Our active collecting activities each year bring to the Newberry far more books, manuscripts, and maps than can be highlighted or even listed here. From among the arrivals of recent years, we present a selection that exemplifies our collecting today.
Case DS421 .W748 1869
This rare travel and description narrative is another pre-Fire Chicago imprint from the Lane Theological Seminary, new to the Newberry's holdings. This is a rare example of a pre-Fire imprint publisher's black cloth binding and "Illustrated by numerous engravings." The preface states that the information contained in this volume has been collected by personal research and extensive travel in India and by compilation from authentic sources.
Case oversize G1793 .G37 1649
A very rare atlas of the locations of the convents of the Capuchins (a faction of reformed Franciscans recognized in 1628). One of over 800 volumes constituting the rare book collection of the Catholic Theological Union recently donated as a block to the Newberry. This image is the woodcut title-page for a map of the Capuchin province of Aquitaine; that is, southwest France. Each of the over 50 maps has a different and similarly beautiful title-page, each with its own distinct border decoration. Only one other copy of this, the second edition, is recorded in North America.
Case E457.8 .D22 1865
An example of Lane Theological Seminary’s rich Americana, this rare sermon is a significant addition to the Newberry’s holdings on Lincoln. It is one of nine post-assassination sermons contemporaneously bound together; separately published in the East and Midwest. The Newberry had held only four of the nine items contained in this volume before the McCormick Theological Seminary donation.
Baskes oversize G 1811 .P5 C6 1693
Before this atlas, English mariners had to rely on foreign charts to navigate their waters. Collins’s collection of 45 maps was the first atlas of British waters to be published. Captain Collins was appointed to the task by the celebrated diarist, Samuel Pepys, acting in his official capacity as Secretary of the Admiralty. Collins worked on the surveys for nearly a decade. This is the first edition of the atlas, and this copy bears the seal of, and belonged to, Trinity House, founded in 1514 by Henry VIII to be responsible for all British pilotage.
Wing ZP 538 .P41
The Book of Tobit belongs to the Apocrypha, i.e. those Biblical books for which no Hebrew text exists but which formed part of the canonical Old Testament in Greek. Two separate Greek versions of Tobit survive. Sebastian Münster, originally trained in Biblical languages as a Franciscan friar and later a leading Protestant, took one of them, retranslated it into Latin and simultaneously created a new Hebrew version as a veritable recreation of the Hebrew text that had been lost. This second edition is extremely rare, and only two other copies are known.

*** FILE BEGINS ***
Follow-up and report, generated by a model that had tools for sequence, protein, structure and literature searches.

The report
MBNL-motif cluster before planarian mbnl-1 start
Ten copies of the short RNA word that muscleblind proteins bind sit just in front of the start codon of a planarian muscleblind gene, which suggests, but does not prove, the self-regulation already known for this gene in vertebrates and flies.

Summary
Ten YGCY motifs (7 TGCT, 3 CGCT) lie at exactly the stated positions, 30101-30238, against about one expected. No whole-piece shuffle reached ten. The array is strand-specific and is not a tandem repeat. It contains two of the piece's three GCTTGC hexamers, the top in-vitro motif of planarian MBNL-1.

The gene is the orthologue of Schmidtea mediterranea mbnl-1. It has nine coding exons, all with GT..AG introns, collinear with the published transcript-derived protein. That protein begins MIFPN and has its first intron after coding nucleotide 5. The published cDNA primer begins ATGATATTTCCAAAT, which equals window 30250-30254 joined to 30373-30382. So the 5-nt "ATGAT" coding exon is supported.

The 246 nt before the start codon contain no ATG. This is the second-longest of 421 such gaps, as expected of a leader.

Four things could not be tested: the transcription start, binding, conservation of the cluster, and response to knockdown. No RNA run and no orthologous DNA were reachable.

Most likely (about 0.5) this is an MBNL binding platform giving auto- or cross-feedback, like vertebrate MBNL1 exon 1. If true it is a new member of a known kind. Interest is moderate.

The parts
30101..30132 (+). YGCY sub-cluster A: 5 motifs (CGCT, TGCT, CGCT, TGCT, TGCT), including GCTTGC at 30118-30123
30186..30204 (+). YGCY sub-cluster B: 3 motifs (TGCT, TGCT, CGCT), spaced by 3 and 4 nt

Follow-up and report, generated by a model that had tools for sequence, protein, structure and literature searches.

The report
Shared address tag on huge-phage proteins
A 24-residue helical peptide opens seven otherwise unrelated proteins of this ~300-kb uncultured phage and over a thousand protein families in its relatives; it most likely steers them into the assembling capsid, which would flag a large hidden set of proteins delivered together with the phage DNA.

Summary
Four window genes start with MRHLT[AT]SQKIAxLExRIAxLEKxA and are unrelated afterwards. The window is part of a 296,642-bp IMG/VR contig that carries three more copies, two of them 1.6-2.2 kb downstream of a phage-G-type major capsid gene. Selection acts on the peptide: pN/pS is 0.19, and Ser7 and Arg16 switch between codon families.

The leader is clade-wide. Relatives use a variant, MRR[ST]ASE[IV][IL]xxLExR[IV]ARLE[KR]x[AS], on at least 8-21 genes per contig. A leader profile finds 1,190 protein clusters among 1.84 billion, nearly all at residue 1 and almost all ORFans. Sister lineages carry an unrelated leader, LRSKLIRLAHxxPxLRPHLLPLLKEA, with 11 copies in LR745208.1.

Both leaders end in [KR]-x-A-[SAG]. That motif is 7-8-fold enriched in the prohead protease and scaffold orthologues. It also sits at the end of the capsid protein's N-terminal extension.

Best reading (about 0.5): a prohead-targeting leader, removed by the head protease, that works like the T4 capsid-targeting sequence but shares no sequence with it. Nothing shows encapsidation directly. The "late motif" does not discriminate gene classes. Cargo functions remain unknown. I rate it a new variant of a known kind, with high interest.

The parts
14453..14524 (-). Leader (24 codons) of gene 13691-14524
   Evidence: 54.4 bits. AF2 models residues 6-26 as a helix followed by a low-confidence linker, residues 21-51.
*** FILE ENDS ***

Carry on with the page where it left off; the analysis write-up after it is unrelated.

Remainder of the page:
John Lardner Papers Box 13 Folder 386
A noted sportswriter, humorist, reporter, and critic, John Lardner worked during World War II as a war correspondent in North Africa, Europe, and Australia for Colliers Weekly, the North American Newspaper Alliance, and Newsweek. On April 4, 1943, Lardner sent this dispatch as he accompanied American forces chasing Rommel’s retreating army in Tunisia. Note that the Field Press Censor removed all references to specific divisions and commanders.
Vault folio Inc. 4319
During the Renaissance, many of the Latin and Greek classics were translated into the vernacular. This anonymous Italian version of Justinus is a very early example; it is in fact now the earliest printed vernacular translation of a classical text in the Newberry’s collection. The principal subject of this work is the empire founded by Philip, the father of Alexander the Great. The original Latin text of 44 books was lost with the fall of Rome, and its context is today known only in Justinus’ abbreviated form.
Vault Map9C G4050 1811 .C5
One of the few manuscript maps that can be associated with the Lewis and Clark expedition, this map was for over a century in the possession of an upstate New York family, before going to auction in 2003. It is a reduced copy of William Clark’s 1806-1811 manuscript map (now at Yale University), and was very likely prepared by George Shannon, a private in the Corps of Discovery, who worked in Philadelphia with Nicholas Biddle, the editor of the Lewis and Clark Journals. In 2003, Mr.